3-6


TOTAL P
(mg/L)



FLOW
(m3/yr)


FLOW
(m3/yr)










an average of 19.6% of the total watershed area, while ALLURB comprised an
average of 26.7% of the total watershed area.

The best predictive equation found to relate the concentration of total
phosphorus (TOTAL P) to land use is eq. 3-6, which includes only ALLURB and
RA as independent variables. The relatively low r2 for this equation (0.24,
P> .005) suggests that TOTAL P is not greatly affected by land use in these
watersheds. The strong correlation found between TPL and land use thus sug-
gests that variations in flow rather than concentration are responsible for
variations in TPL among watersheds.

The mean non-point source loading of phosphorus for all 41 watersheds
is 1.0 kg/ha-yr. Since precipitation contributes only 0.3 to 0.7 kg P/ha-yr
to Florida watersheds (Table III-2), it can reasonably be concluded that
there is a net addition of phosphorus to the runoff water from within the
watersheds.

Predictions of Nitrogen Loading (T'L). Unlike the situation for TPL,
there is a strong correlation between TNL and DA (r = 0.84, P> 0.001), in-
dicating that drainage area alone is a reasonably good predictor of non-
point source nitrogen loading (eq. 3-4). When the areas in individual land
uses were used as independent variables, three terms (CPAST, NFWET and WA)
were found to be significant at the 0.05 level, producing an equation (eq.
3-5) with an r2 of 0.87 (P> 0.001). Thus, the use of individual land use
areas as independent variables rather than total watershed area alone con-
tributes little toward improving predictions of TNL.

Two of the significant terms in eq. 3-5 are NFWET and WA, both of
which have nitrogen coefficients near 16 kg/ha-yr. The magnitude of these
export coefficients is high compared to the mean input of nitrogen from pre-
cipitation (7.5 kg/ha-yr). The high loadings for open water and non-forested
wetland may be caused by inputs from surrounding land uses, such as loadings
from lawn fertilization and septic tanks associated with shoreline develop-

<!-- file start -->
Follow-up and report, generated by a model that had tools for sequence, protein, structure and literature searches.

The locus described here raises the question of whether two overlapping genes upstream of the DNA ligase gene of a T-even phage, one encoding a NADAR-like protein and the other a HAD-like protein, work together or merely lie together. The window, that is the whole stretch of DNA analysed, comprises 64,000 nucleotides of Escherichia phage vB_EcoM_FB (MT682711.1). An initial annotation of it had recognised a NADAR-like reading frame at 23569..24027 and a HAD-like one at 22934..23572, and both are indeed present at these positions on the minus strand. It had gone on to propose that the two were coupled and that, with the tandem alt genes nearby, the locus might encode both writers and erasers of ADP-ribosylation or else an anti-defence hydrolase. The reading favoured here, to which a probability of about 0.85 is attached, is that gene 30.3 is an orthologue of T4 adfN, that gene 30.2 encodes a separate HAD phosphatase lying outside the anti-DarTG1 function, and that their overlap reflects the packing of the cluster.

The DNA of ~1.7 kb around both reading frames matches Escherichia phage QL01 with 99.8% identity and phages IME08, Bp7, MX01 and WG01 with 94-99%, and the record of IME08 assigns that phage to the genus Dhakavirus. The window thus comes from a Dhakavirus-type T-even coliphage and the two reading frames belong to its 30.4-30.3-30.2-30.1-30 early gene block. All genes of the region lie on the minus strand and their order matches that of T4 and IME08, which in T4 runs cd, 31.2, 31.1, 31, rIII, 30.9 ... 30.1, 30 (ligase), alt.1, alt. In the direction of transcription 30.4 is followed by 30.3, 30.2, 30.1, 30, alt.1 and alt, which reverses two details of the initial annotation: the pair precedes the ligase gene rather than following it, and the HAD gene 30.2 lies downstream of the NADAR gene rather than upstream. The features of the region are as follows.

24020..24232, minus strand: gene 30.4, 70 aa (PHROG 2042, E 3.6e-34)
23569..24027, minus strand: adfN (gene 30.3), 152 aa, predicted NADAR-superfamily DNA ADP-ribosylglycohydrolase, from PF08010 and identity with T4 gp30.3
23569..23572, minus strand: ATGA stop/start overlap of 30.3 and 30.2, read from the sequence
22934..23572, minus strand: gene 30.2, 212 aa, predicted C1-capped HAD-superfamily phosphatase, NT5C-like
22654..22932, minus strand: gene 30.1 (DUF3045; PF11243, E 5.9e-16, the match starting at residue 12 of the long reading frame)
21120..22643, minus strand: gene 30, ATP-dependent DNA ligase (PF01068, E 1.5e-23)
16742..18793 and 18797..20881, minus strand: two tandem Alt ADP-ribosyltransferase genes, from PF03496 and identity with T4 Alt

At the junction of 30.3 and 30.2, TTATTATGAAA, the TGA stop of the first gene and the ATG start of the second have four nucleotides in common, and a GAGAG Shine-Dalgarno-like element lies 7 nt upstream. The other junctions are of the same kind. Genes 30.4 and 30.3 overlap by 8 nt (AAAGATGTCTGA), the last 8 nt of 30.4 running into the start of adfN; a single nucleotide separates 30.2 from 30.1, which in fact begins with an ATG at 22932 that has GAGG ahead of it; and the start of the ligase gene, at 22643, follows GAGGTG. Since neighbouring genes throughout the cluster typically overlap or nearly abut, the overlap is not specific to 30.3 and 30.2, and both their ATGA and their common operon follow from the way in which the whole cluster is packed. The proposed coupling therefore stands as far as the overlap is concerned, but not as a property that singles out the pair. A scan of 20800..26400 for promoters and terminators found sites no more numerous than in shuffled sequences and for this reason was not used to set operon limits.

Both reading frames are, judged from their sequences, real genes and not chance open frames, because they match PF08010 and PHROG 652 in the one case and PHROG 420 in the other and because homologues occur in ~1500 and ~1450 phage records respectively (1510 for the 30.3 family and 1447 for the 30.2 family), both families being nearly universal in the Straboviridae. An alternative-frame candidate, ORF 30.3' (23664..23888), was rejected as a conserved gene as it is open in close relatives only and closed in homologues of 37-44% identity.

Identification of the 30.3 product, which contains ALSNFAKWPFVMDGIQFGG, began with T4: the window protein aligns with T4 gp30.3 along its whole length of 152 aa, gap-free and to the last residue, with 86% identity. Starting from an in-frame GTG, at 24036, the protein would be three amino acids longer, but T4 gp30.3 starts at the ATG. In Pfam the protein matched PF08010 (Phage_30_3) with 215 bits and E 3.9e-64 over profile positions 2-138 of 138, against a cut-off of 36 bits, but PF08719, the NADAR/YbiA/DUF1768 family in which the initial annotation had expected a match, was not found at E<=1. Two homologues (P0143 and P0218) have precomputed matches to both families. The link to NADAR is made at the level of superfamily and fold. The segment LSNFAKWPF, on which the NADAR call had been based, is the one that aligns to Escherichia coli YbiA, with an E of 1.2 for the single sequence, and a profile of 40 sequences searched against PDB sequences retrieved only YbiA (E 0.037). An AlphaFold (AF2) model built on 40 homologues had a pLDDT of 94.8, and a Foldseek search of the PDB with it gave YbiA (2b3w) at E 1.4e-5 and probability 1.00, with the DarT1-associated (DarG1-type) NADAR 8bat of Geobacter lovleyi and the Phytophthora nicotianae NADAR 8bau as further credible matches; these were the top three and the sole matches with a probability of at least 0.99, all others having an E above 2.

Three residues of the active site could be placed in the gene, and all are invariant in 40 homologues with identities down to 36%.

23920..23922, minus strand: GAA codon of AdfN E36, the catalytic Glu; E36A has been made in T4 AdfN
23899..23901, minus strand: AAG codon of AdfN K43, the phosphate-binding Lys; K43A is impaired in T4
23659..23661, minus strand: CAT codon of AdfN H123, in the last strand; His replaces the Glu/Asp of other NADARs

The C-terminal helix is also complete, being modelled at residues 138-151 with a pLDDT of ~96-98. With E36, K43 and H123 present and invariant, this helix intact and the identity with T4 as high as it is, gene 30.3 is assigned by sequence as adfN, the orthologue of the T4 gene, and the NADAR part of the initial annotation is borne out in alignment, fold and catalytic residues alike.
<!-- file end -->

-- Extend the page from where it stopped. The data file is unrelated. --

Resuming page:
ment. Alternatively, the high reported non-point source loadings for these
land uses may reflect inaccuracies in the computation of non-point source
loadings.

The only other significant term in eq. 3-5 is CPAST, which has a nitro-
gen export coefficient of 4.2 + 2.4 kg/ha-yr. It can be seen (Figure III-2)
that this 95% C.I. for nitrogen loading from agricultural areas is within
the lower end of the range of values reported for agricultural watersheds
in Florida (Table III-5) and throughout North America.

The mean non-point source loading for nitrogen in all 41 study water-
sheds is 5.7 kg/ha-yr., which is somewhat lower than the mean precipitation
loading of 7.5 kg/ha-yr reported by Hendry et al. (1981) and Brezonik et
al. (1981). Thus it appears that there is a net accumulation of nitrogen in
these watersheds.

Equations to Predict Flow (FLOW). As shown by eq. 3-7, FLOW is highly
correlated with DA (r2 = 0.91, P> 0.0001). The P value for DA in eq. 3-7,
0.31 m/yr, is about 24% of the mean annual precipitation for the NES water-
sheds. The use of individual land use areas rather than DA improves the


- 30 -










prediction of flow (eq. 3-8) only slightly (r = 0.96, P> 0.0001). The 3
values in eq. 3-8 are runoff coefficients (m/yr), which are significant at
the 0.05 level for five land uses.


APPLICATION

The accuracy of predictions fbr nutrient loading and flow can
be evaluated using the 90% and 95% CLI's shown in Figures III-4 to III-9.
The CLI is the confidence limit for individual predictions, and represents
the degree of confidence with which a regression equation can be used to
produce new predictions. Since the width of the confidence interval remains
approximately constant, predictions of high values are relatively more ac-
curate than are predictions of low values. For example, the 90% CLI for
predictions of TPL using equation 3-3 is approximately + 21,000 kg P/yr.
Thus, a watershed having a predicted phosphorus export of 13,600 kg P/yr
(the mean value) has a 90% CLI of + 21,000 kg P/yr, or + 154% of the pre-
dicted value. However, a watershed having a predicted phosphorus export of
40,000 kg P/yr also has a 90% CLI of around 21,000 kg P/yr., so the relative
accuracy is improved to + 53% of the predicted value. Predictions of TNL
and FLOW are relatively more accurate than are predictions of TPL. For pre-
dictions of TNL the 90% CLI is approximately + 80,000 kg N/yr, or + 104% of
the predicted value for a watershed having than mean value of nitrogen ex-
port (77,000 kg/yr), using either equation 3-5 (Figure III-6) or equation
3-6 (Fig. III-7). The 90% CLI for predictions of FLOW using equation 3-8,
is + 32.5 x 106 m3/yr, or + 75% of the predicted value for a watershed
having the mean flow of 43.1 x 106 m3/yr (Figure III-9). However, as seen
in Figure III-8, the confidence intervals for equation 3-7, in which DA is
the only independent variable, are comparable.

Since the use of individual land use areas rather than drainage area
alone does little to improve predictions of TNL and FLOW, it is suggested